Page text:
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Britt, M. Aanne, J.-F. Rouet, M.C. Georgi, and C.A. Perfetti. “Learning from History Texts: From Causal Analysis to Argument Models." In Teaching and Learning in History, edited by G. Leinhardt, I. L. Beck, and C. Stainton, 47-84. Hillsdale, NJ: Erlbaum, 1994.


Britt et. al. examine how students construct historical causality using an array of historical texts. They ground this study on their previously drawn conclusions that, generally, students learn best when historical material is presented in narrative form. In this chapter, they draw their conclusions from two completed studies: 1) a study in which a fifth grade text book and elementary school students’ interpretation of its content was the focus; and 2) a study in which college students’ use of published history books was the focus.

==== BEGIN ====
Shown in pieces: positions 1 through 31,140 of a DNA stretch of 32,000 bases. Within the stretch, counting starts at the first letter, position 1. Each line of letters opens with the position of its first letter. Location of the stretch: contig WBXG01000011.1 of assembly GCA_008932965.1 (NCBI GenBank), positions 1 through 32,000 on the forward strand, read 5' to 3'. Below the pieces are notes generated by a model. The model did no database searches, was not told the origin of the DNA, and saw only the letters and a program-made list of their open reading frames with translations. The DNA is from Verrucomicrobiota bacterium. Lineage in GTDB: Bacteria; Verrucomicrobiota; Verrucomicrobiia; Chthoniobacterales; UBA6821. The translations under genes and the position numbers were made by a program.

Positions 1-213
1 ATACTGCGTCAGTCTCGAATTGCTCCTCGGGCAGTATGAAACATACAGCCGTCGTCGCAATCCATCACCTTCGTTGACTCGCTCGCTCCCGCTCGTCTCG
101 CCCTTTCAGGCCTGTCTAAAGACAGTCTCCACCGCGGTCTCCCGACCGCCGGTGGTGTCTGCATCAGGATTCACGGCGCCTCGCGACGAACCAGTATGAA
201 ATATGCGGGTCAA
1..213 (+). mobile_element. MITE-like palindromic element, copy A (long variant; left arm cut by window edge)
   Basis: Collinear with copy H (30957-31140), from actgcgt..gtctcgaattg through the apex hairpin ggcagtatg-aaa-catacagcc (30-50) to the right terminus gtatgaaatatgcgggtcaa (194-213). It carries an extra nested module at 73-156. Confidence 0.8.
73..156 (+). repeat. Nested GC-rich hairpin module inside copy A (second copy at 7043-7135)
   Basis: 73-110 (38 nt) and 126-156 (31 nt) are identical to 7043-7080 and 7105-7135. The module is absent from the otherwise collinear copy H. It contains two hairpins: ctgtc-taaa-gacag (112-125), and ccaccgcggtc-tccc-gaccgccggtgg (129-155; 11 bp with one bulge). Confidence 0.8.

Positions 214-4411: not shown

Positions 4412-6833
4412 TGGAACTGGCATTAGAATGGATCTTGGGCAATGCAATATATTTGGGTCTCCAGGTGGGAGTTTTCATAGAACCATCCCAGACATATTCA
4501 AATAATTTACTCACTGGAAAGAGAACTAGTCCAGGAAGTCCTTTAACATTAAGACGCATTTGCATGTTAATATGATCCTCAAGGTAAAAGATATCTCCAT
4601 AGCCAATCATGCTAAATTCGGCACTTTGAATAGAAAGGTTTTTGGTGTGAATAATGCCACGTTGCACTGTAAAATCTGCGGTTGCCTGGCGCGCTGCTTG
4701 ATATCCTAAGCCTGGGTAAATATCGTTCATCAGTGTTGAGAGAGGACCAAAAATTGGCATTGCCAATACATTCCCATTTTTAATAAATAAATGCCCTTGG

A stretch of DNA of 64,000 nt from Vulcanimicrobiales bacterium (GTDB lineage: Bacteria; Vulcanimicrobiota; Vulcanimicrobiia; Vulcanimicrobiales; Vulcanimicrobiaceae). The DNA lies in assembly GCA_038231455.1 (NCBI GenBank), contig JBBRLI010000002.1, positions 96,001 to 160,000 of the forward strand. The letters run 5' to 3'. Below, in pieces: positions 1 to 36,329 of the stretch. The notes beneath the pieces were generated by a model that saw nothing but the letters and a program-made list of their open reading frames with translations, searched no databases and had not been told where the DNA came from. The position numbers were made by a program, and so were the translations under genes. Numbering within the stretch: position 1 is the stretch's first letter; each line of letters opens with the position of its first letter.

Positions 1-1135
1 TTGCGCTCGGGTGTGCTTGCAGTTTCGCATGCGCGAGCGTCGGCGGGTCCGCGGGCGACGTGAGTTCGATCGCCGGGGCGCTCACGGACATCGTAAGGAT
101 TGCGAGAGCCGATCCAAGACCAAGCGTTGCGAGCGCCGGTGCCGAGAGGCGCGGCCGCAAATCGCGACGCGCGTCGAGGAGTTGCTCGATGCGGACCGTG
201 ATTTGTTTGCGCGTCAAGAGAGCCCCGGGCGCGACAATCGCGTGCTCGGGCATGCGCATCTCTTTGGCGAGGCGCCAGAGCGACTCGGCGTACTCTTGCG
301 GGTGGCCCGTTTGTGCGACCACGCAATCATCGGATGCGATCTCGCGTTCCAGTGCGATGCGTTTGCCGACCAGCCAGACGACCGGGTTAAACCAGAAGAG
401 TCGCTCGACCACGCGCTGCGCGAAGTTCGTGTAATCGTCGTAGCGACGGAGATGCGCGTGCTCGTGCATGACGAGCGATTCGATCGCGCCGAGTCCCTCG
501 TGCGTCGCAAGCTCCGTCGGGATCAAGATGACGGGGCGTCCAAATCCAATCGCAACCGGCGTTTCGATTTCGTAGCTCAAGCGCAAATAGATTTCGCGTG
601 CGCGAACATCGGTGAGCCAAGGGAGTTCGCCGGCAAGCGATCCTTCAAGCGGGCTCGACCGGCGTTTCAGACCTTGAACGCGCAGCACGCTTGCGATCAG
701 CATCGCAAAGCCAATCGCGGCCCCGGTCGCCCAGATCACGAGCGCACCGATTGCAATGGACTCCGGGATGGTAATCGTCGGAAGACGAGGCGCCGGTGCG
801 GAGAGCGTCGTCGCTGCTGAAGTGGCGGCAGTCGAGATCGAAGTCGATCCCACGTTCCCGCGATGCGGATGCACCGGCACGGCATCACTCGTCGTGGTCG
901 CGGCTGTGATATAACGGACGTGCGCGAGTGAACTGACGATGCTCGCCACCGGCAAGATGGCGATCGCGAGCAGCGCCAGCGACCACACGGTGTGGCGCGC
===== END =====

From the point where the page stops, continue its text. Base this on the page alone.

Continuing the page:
The authors used the “causal-temporal event model” to analyze students’ summaries about the important points in the texts, answers to the comprehension questions, and answers to reasoning probes. They found that students’ ability to summarize a history text is related to their ability to recognize the narrative organization of the text. Elementary school students summarized the texts in three ways. Students would list facts, tell a coherent story but a substory rather than the main story, or identify the main story. College students in contrast were able to draw out the central story more effectively and more efficiently. Thus, they conclude that learning from history texts requires the ability to distinguish the central story from the rest of the text. Importantly, they maintain that the causal-temporal event model is the best way to represent the narrative structure of a history text because it allows students to learn both the central story and its supporting details.

Ana Laura Pauchulo